Census 2016: location and education affects how many children you have

5 08 2016
A young boy riding a bicycle is assisted by his dad in a park in Sydney
 ‘Across Australia those who live in major cities have a substantially lower rate of children ever born than women who live outside major cities.’ Photograph: Paul Miller/AAP

Families are the heart of our community and society. They provide the foundation for socialising future citizens and workforce, and provide care for our elderly. Over the past 25 years there has been dramatic change in the makeup of Australian families due to changes in society’s acceptance of divorce, cohabitation and childlessness, and the changing roles of women in modern societies. The 2016 Australian Census of Population and Housing provides an ideal opportunity to examine the current state of the Australian family.

The census counted 6.1 million families in Australia in 2016. The most common family composition was a couple with children (45%), followed by couples without children (38%) and single parent families (16%). While there has been little change in composition of Australian families since the last census, there has been a considerable change in the last 25 years. In 1991, more than half of families were couple families with children (54%), 32% were couple families without children and 13% were single parent families. In 2016, more than four out of five single parents were females.

Hidden in the family composition statistics is information on relationship type. Couples in these data could be in either registered marriages, or de facto cohabitations. One of the major changes that has been witnessed over recent years has been the increase in cohabitation without marriage. In 2001, an estimated 15% of relationships were cohabiting. By 2016 this has increased to 18%. What is also hidden is the proportion of people who are in an intimate relationship with a person with whom they do not live. What we know from other research is that about 25% of the reported “single” population are actually in intimate relationship.

Children are central to families, yet women are increasingly having no children, and those who do, have fewer. Our current fertility rates are lower than those needed to replace the population. The current average number of children ever born is now 1.96 for women aged 40-44. This is below two, and well below the “one for mum, one dad, and one for the country” suggested by then treasurer Peter Costello in 2006.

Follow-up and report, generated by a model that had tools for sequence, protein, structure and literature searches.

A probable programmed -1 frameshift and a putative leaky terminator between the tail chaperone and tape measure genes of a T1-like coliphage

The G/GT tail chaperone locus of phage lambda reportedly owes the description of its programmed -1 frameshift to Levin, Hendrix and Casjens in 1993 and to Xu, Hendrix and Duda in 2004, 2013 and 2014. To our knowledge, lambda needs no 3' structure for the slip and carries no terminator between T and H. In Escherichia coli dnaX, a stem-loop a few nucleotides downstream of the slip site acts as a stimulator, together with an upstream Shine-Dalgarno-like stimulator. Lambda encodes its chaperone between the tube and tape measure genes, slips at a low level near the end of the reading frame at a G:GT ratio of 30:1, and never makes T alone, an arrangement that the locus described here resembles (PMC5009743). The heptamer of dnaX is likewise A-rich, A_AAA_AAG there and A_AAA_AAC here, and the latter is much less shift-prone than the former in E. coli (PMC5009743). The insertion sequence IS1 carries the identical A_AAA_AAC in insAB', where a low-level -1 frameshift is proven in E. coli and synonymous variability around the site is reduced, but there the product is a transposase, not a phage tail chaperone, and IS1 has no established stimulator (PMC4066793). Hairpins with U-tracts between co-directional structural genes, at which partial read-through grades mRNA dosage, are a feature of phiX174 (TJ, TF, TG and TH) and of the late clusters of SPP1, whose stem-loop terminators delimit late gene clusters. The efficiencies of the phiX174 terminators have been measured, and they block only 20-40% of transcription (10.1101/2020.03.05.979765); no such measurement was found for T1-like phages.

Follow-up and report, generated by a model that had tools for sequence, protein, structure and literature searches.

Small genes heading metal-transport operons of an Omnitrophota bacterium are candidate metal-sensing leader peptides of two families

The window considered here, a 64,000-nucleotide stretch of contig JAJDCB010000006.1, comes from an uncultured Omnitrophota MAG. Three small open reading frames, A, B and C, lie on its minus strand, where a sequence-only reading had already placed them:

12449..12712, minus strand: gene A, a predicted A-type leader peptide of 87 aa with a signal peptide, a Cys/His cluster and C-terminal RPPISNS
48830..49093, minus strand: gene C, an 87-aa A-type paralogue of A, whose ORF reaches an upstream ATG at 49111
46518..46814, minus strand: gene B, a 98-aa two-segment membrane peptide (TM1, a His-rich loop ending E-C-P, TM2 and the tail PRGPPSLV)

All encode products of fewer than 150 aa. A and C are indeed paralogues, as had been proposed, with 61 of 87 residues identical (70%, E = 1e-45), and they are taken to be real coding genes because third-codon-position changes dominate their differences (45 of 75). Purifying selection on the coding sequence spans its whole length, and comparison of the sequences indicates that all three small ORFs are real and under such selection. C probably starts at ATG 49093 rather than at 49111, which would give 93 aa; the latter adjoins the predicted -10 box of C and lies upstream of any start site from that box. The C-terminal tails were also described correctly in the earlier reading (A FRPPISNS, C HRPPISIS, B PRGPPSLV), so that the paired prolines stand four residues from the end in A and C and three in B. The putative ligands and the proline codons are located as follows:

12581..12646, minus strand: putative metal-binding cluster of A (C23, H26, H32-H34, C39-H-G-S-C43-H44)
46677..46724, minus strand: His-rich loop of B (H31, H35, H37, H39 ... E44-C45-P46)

One of the reasons for the decline in children ever born is that women delay having children compared to in the past, and because of the later start to childbearing, they end up having fewer children overall. For example, the proportion of women having one or two is now greater than those having three or more. The most common number of children is two, and will likely remain at two because families desire one child of each sex, and there is a desire for children to have a sibling.

Alongside this decline in the number of children each woman will have, there has been an increase in the number of women who remain childless. From the 2016 census, there has been a slight increase in childlessness, with 17% childless in the age group 40-44; women who are near the end of their reproductive years.

Having children is not distributed evenly across the population. Generally, women with higher levels of education have fewer children than those with lower levels of education. This is particularly noticeable for those with a post-graduate education. Around 30% of women with a post-graduate education are childless, compared with 19% of women with a bachelor’s degree, and 17% of women who have completed year 12. This translates to completed fertility of 1.55 children ever born for those with a post-graduate degree, 1.79 for women with a bachelor’s degree, and 1.96 for women who have completed year 12.

Where you live also matters. Across Australia those who live in major cities have a substantially lower rate of children ever born than women who live outside major cities. The more remote the area, the higher the fertility. Women in very remote areas are having almost one additional child than women in major cities.

More recent censuses have asked questions about same-sex relationships. In 2016 there were 46,800 couples reporting a same-sex relationship, an increase of 39%, up from 33,700 in 2011. Children also feature in same-sex families: one quarter of female same-sex couples, and 4.5% of male same-sex couples had children.

On the whole, the census confirms trends in family formation and change that have been ongoing in Australia since the 1980s. One strength of the census is that it continues to change in response to changing social norms. We now measure cohabitation outside of marriage and same-sex marriage and non-binary gender. These are all areas where we will continue to see change in future censuses.

Associate Professor Ann Evans is Associate Dean Research in the College of Arts and Social Sciences, The Australian National University. Associate Professor Edith Gray is the Head of the School of Demography, The Australian National University